Tag Archives: photochemical smog

Science Saturdays: Coughing up a lung, pollutants in our air

In May, Birkbeck’s School of Science held ‘Science Saturdays’, a programme of free online talks every Saturday, open to a global audience. In this blog, Tina Wright, Birkbeck PhD student, gives an overview of the talk she attended about pollutants in the air and how they affect the physical wellbeing of humans.

The Science Saturdays talk, ‘Coughing up a lung: pollutants in our air’ delivered by Dr Katherine Thompson, Reader in Biophysical Chemistry, observed how the environment influences physical wellbeing, more specifically, how the atmosphere and its composition of gases and particulate matter, which includes pollutants, interacts with a monolayer of molecules (surfactant) at the air-water interface of the lung to cause respiratory problems.

The content of the talk was a boon to the global cause of tackling climate change and its subsequent effects on worldwide mortality and morbidity rates. It provided information on how to investigate exactly what is happening on a molecular level and systemically in our bodies.

Our atmosphere, pollution and photochemical smog

Our atmosphere predominantly consists of nitrogen (N) and oxygen (O2) along with trace amounts of unnatural and naturally sourced gases, the former being sourced from human processes, for example, car exhaust fumes. These may be from petrol or diesel motors. Petrol motors release some water combined with lots of carbon monoxide (CO), hydrocarbons from incomplete combustion of fuel and nitrogen oxides (NOx) which includes nitric oxide (NO) and nitrogen dioxide (NO2). Diesel motors burn fuel differently, therefore generate a different composition of exhaust gases, such as CO and hydrocarbons, but also release tiny particles that may be dangerous for human health, dependent on particle size.

As I’ve already mentioned, there are some natural sources of trace gases that add to our atmosphere and these include green plants that emit organic pollutants, called volatile organic compounds (VOCs).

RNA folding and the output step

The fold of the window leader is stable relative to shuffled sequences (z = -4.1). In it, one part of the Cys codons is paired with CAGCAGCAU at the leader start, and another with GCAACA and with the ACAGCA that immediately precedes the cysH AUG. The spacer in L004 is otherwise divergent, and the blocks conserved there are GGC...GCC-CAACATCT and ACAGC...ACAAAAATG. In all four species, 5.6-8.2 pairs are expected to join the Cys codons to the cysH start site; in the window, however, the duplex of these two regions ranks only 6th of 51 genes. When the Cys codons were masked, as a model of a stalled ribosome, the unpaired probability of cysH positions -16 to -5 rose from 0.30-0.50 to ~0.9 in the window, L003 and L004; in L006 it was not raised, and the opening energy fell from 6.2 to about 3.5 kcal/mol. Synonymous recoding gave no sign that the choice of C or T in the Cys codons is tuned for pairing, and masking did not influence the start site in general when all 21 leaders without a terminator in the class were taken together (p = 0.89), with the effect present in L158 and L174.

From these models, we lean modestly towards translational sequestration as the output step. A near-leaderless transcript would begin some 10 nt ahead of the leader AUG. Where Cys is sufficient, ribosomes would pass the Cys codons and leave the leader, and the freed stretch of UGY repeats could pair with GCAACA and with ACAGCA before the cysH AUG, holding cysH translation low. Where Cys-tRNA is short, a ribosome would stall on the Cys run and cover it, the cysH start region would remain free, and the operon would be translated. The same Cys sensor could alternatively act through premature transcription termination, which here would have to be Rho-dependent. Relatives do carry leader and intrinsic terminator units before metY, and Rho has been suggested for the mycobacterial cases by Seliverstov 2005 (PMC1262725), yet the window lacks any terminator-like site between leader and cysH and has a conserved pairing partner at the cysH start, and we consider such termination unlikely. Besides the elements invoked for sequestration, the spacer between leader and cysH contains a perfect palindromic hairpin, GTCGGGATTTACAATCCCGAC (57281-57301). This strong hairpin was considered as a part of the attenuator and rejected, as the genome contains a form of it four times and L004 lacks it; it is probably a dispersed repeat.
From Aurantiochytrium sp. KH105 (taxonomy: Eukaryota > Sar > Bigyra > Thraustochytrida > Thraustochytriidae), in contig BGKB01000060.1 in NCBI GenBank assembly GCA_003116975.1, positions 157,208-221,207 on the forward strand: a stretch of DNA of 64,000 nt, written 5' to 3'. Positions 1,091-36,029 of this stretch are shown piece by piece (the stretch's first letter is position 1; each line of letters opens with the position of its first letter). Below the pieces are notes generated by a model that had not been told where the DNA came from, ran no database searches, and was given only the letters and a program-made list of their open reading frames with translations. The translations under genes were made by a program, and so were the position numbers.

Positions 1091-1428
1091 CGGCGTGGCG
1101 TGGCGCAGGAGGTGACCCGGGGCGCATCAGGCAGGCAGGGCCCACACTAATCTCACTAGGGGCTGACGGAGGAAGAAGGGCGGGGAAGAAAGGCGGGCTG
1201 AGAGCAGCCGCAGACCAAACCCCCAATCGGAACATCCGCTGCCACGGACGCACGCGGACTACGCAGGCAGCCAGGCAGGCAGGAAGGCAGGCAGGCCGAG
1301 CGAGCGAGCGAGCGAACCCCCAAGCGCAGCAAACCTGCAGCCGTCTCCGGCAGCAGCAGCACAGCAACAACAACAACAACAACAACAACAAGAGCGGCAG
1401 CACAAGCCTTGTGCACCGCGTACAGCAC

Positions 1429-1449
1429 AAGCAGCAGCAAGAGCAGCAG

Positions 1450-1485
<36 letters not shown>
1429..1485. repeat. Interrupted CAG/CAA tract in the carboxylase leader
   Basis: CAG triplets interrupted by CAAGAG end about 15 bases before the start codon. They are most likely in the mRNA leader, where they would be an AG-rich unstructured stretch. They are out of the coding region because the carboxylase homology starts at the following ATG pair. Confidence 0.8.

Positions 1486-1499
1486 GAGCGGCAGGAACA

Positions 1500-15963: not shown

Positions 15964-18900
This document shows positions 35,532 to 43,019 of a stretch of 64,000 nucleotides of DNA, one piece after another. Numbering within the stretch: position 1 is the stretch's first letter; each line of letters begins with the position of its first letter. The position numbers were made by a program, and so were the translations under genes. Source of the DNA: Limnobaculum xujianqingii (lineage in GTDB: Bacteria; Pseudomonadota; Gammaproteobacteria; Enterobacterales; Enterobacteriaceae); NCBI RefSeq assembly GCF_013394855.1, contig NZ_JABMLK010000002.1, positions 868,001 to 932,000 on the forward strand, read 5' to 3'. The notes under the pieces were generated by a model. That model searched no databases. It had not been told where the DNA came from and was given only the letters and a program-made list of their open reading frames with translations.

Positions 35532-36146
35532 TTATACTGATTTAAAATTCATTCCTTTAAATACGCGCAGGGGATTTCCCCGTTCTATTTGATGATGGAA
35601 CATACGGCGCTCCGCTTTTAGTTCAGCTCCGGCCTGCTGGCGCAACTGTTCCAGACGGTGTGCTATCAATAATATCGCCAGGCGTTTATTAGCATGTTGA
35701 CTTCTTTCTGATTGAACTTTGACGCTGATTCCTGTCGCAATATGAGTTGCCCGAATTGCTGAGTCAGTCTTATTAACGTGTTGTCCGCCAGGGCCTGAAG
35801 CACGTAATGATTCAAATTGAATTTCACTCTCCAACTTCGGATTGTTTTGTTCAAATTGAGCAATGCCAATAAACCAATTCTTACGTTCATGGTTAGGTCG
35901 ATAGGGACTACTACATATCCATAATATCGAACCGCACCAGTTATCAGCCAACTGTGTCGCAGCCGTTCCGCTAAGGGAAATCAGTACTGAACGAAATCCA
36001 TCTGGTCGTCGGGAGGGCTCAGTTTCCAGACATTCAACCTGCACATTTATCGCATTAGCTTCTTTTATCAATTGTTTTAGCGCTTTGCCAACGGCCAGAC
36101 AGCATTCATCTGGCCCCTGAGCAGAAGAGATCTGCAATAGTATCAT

Photochemical smog is pollution present on sunny days and has a distinct character. Nitrogen dioxide (NO2) features as a brown/orange gas, visible on the horizon on a clear day. A combination of this with volatile organic compounds (VOCs) and sunlight produces ozone (O3). It is vital for life to have O3 in the stratosphere as it absorbs short wavelengths of light that may damage our DNA, however, when present in the troposphere as a secondary pollutant, the VOC-NOx-O3 relationship keeps its concentration high during warmer months, therefore, adverse effects may occur, notably at the air-water interface of the lung.

Lung physiology, function and properties on a molecular level

The lung is composed of the trachea, bronchi, bronchioles and finally, millions of alveoli, which are tiny sacs that increase the surface area of the lung for gas-exchange of oxygen (O2) and carbon dioxide (CO2).

Our bodies are wet systems but if the alveoli were lined with pure water, the surface tension (cohesive forces between water molecules), would be too high for expansion of the lung after compression. This issue is resolved by the action of surfactants present as a film on the lung interface that are composed of lipids, proteins, and cholesterol. Its importance is reflected by premature, newborn babies that lack lung surfactant and consequentially, experience difficulties breathing.

Diagram of the human lung. Credit: Frontiersin.org.

What happens when pollutants reach the lung interface?

Dr Katherine Thompson’s research focuses on the interaction of pollutants with the lung. A single layer of molecules (monolayer) of lung surfactant, similar to when it is found on the surface of the lung, may be analysed by the reflection of light. For example, a technique known as Brewster Angle Microscopy, allows the observation of the organization of molecules at the surface or interface, a simile of the lung.

A monolayer is very thin, therefore, the wavelength of light chosen for the reflection experiments should be shorter than the thickness of the monolayer. The wavelength of x-rays (photons) are very short, therefore, it can be used to look at these reflections. Photons may hit a surface and ‘bounce off’ to a detector, comparable to a gymnast jumping and landing on a mat, then coming away. This will give information, in the case of the gymnast, on the thickness of the mat or in the experiment, the single layer of molecules.  These experiments may be undertaken whilst the lung surfactant is simultaneously exposed to ozone and a thinning of the monolayer can be observed from rearrangement, breaking and bending of molecules at the surface. Physiologically, this may lead to inflammation of the lung.

This research is of paramount importance in the modern world, where the extent of the damage to our environment, and the subsequent effect on human health, needs further investigation and awareness raised to all.

Further Information